Iroquois County

Milford Water Treatment Plant and Recreation Area

Just east of the village of Milford, along the south side of County Road 950 N, this site is a lovely area full of habitat in the middle of the corn desert.  There are two large water water treatment ponds, a trail through riparian, bottomland woods, a couple tallgrass prairie restoration plots, a smattering of old fields, and agricultural land.

Start by birding the ponds. Morning is better for this as the sun glare in the afternoons makes it difficult. There is no access within the fences of the ponds but a large mound of dirt is present at the northeast side of the ponds. This can be climbed and the ponds can be scoped from the top. Some of the better birds found on and around the ponds have been Common Loon, Black Scoter, Black Tern, Bonaparte’s Gull, Snow, Ross’s, Greater White-fronted, and Cackling geese, Merlin, and Peregrine Falcon. Most of the more common ducks find their way to the pond, and all of the states regular swallows are fairly common in May.

After your fill of the ponds, it is suggested that you walk the dirt road between the ponds and the tallgrass prairie restoration plots. This edge is good for various sparrows, American Tree Sparrows abound in the winter. At the right times of years, Sedge Wren, Dickcissel, and Bobolink are findable in the prairie. Once reaching the southeast fence corner of the ponds, turn west and bird the forest edge. The best birds along here in past years have been Olive-sided Flycatcher, Black-billed Cuckoo, and Cape May Warbler. The Cape May is one of 29 warbler species that have been found on the property. Most of these warblers are found in the next section of the property, however, the riparian bottomlands.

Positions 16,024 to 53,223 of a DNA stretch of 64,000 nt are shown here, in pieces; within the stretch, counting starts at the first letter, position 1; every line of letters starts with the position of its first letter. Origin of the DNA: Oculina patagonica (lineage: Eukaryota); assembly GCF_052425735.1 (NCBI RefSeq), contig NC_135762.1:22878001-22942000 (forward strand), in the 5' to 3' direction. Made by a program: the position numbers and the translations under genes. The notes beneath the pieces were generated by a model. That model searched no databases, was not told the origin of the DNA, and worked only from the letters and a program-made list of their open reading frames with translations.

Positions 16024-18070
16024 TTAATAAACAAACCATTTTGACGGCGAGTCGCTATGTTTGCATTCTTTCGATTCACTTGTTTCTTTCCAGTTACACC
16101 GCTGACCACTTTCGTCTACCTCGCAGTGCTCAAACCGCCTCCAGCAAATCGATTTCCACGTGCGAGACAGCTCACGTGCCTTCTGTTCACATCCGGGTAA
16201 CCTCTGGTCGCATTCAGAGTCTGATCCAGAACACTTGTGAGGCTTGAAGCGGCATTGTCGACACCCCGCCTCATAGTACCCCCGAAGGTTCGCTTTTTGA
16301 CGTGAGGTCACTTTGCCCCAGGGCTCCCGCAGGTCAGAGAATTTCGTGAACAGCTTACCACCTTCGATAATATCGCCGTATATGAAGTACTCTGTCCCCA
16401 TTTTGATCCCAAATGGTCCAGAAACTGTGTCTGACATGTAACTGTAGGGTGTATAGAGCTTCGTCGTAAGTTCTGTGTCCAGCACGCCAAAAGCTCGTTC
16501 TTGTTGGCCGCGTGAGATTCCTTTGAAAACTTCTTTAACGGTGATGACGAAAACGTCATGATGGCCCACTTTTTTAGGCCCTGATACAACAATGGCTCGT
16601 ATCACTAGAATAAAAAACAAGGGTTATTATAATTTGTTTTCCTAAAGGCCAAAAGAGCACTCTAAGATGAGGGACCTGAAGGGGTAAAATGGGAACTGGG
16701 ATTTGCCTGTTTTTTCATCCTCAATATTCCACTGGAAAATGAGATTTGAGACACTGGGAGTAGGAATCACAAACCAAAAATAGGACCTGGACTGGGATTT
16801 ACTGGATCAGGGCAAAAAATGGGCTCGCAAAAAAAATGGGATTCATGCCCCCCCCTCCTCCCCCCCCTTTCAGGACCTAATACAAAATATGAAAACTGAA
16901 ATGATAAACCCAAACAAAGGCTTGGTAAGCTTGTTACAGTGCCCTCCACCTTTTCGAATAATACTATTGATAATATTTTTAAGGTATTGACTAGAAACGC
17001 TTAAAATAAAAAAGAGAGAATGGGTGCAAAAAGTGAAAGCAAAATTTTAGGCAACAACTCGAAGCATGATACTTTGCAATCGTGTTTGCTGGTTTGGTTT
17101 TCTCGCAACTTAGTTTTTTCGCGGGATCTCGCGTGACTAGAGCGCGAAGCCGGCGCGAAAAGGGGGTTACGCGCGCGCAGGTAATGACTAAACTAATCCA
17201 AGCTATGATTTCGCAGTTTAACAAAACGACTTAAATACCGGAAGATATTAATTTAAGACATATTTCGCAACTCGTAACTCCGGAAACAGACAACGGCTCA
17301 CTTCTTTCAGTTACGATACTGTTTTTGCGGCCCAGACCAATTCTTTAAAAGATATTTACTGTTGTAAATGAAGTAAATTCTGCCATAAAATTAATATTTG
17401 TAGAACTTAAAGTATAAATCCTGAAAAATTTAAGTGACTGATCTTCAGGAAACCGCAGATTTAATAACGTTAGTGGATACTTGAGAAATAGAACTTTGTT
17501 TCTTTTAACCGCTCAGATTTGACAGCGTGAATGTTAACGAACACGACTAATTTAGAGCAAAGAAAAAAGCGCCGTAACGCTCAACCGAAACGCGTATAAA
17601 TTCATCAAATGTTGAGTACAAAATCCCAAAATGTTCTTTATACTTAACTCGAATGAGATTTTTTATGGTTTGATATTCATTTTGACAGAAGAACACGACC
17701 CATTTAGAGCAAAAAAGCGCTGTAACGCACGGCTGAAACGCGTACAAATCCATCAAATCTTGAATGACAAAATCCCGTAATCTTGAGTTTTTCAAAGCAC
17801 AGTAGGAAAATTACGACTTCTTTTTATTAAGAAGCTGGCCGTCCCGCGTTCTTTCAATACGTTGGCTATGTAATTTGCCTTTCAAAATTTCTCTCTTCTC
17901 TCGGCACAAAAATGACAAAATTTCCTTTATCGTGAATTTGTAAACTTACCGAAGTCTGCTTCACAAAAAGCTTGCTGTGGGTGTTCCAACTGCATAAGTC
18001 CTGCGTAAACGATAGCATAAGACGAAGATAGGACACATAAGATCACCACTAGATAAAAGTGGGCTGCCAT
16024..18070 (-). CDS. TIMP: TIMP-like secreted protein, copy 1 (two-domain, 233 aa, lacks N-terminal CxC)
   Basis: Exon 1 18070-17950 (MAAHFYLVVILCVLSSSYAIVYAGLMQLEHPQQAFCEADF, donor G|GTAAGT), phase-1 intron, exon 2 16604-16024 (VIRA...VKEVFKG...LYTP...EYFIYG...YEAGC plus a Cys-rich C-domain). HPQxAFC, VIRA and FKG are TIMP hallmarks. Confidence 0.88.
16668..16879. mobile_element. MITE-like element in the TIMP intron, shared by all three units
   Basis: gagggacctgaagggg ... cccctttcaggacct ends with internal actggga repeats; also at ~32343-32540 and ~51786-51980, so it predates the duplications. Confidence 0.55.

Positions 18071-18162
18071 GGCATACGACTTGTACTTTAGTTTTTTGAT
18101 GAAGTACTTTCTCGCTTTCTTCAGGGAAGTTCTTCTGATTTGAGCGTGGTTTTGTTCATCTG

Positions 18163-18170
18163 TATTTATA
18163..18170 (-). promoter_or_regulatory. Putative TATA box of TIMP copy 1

Following the south fence on foot to the west, there will eventually be a car-wide trail that runs into the woods to the south. This will pass by an unsanctioned campsite and go down a hill. This path that eventually curves east along the north bank of Sugar Creek is especially excellent during the migration months. Aside from the warblers, there has been a breeding pair of Pileated Woodpeckers in past years and Lincoln’s Sparrows are readily locatable in the fall. Winter months give way to Golden-crowned Kinglets, Red-breasted Nuthatches, Winter Wrens and Brown Creepers.

This trail will eventually pop out of the woods at an old field. Here, you will turn left and continue up a dirt road to the north between brushy field on your east and the forest on your west. It is along this stretch of trail where a female Spotted Towhee was found in October of 2010. This section is good for sparrows, especially Field Sparrow (on territory), Brown Thrashers and Common Yellowthroat.

This road will eventually butt into the south edge of the western prairie plot. Here, you can turn right and take your first left, walking between the two prairie plots. You’ll probably flush up a Ring-necked Pheasant or two. This trail will give you another opportunity to pick up some of the grassland birds. No Ammodramus has ever been found on the property but it is very plausible for a Grasshopper or Henslow’s to show up. After reaching the north edge of the prairie, you can turn west and walk between the prairie and the road until eventually getting back to the parking area by the dirt mound. The ponds are always worth another scoping.

One other area to bird on the property is the small patch of woods to the west of the ponds. You can drive west from the dirt mound area and you’ll have to look hard, but there is a sign for bike trails just west of where the north fence of the ponds ends. You can turn south into here and park. There is a small system of mountain bike trails in the woods west of the ponds. Much of the same species that are in the south woods are found here. However, one section has a damp, seep-like area that has been decent for American Woodcock in the past.

and interactive version of the below map can be found:

Milford WTP